The program opened with the traditional Western music for which this choir is renowned, including works by Hildegard of Bingen, Tallis and Josquin des Prez. However, these were paired with complementary works on the same themes, including traditional Jewish chants (beautifully sung by Rob Hughes and Sebastién Maury) and a 2008 work, “Deserts of Exile”, by Paul Stanhope, the Choir’s director. I especially loved the closing ‘sighing wind’ sections of the “Deserts of Exile”.

The opening work “O Quam Preciosa” took full advantage of the wonderful acoustics of the venue, delivering an ethereal, angelic sound, which really set the audience up for an evening of enjoyment. The accompaniment with the traditional Chinese instruments of the erhu (‘viol’) and guzheng (‘harp’) really worked and created a beautiful fusion of East and West. I look forward to more of this fusion music.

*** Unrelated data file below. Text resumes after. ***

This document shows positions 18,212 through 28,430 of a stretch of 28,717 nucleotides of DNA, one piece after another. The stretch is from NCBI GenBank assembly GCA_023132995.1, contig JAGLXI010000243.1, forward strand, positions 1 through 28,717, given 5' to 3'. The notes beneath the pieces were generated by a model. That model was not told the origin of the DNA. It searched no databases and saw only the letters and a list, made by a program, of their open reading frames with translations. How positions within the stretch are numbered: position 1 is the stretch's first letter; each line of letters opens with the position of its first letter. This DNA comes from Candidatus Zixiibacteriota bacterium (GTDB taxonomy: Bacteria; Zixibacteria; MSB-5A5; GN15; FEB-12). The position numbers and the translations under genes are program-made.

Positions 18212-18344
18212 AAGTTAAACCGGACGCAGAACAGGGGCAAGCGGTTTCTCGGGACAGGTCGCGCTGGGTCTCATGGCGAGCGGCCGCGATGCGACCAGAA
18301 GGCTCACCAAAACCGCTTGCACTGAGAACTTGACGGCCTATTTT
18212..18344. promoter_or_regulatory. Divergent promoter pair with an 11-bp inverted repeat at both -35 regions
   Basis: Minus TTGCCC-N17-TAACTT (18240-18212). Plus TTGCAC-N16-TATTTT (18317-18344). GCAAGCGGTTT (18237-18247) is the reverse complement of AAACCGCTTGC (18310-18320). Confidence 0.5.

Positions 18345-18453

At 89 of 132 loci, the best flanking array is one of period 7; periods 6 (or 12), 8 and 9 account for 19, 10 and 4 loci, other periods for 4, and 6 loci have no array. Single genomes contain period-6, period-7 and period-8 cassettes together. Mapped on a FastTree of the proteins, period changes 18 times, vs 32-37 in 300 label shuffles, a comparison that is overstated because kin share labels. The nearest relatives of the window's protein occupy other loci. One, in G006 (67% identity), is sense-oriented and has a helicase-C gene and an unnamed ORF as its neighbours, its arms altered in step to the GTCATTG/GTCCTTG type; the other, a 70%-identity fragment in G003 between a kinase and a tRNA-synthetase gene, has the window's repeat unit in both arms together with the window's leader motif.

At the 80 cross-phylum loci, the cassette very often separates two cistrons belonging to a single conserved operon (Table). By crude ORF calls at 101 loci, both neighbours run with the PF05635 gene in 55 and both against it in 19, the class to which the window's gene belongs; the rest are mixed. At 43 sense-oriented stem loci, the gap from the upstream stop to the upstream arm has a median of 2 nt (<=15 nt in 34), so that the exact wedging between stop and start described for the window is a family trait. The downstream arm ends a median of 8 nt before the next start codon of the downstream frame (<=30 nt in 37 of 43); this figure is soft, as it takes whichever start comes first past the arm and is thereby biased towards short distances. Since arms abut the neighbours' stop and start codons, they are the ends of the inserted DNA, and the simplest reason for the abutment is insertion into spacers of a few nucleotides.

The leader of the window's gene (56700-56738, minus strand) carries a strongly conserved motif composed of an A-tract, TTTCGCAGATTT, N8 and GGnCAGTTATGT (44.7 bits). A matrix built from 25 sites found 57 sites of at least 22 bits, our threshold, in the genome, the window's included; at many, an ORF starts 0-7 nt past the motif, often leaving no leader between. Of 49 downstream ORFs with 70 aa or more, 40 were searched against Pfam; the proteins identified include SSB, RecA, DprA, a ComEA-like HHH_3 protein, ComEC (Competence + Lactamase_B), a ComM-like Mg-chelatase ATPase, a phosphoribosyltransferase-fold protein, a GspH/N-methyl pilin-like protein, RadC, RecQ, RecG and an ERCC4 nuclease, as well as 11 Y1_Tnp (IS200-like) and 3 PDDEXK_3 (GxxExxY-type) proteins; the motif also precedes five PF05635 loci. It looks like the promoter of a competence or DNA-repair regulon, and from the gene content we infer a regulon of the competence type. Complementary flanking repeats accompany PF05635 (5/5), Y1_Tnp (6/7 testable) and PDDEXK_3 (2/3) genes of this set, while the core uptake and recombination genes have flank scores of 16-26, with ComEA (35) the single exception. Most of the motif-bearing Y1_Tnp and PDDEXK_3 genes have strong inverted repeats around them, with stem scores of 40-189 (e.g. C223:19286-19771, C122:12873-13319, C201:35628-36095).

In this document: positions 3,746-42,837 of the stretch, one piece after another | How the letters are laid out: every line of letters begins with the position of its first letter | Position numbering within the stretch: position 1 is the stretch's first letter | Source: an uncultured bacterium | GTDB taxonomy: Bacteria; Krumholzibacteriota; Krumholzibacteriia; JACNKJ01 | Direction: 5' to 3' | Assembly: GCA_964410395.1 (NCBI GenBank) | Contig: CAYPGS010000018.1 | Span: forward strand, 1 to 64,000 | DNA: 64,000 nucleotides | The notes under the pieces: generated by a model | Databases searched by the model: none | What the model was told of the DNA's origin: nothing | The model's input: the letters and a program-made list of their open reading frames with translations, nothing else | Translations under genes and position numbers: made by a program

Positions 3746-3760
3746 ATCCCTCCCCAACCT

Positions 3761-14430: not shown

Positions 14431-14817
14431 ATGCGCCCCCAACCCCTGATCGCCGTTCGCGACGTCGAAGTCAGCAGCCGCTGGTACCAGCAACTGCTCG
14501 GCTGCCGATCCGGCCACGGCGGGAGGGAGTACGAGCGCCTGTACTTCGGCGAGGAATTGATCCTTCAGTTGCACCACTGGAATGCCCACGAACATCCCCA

The second half of the concert was devoted to newer music, including several world premiers of works commissioned specifically for the choir. These included works by Percy Grainger, new settings by Julian Yu of traditional Chinese Flower Songs and the setting of “Poem 1”, written and composed by Xingzimin Pan.

It opened with Grainger’s “Australian Up Country” song (from his Stephen Foster inspired period) and “Brigg Fair”, which were both beautifully rendered. However, for many of the audience it was the piano performance of young Joshua Han (aged 11 years) in “In Dahomey” which really took our breath away. This young man has superb and mature technique which well supported his excellent performance of this fun work.  Expect to hear more of him. This was followed by Lucia Li (also 11 years old) playing the Grainger setting of the traditional Chinese song “Beautiful Fresh Flower” – a total contrast to “In Dahomey” and drawing on the traditional ‘feminine’ grace associated with this genre of songs! I would suggest downloading the sheet music to this one as it should be fun to play.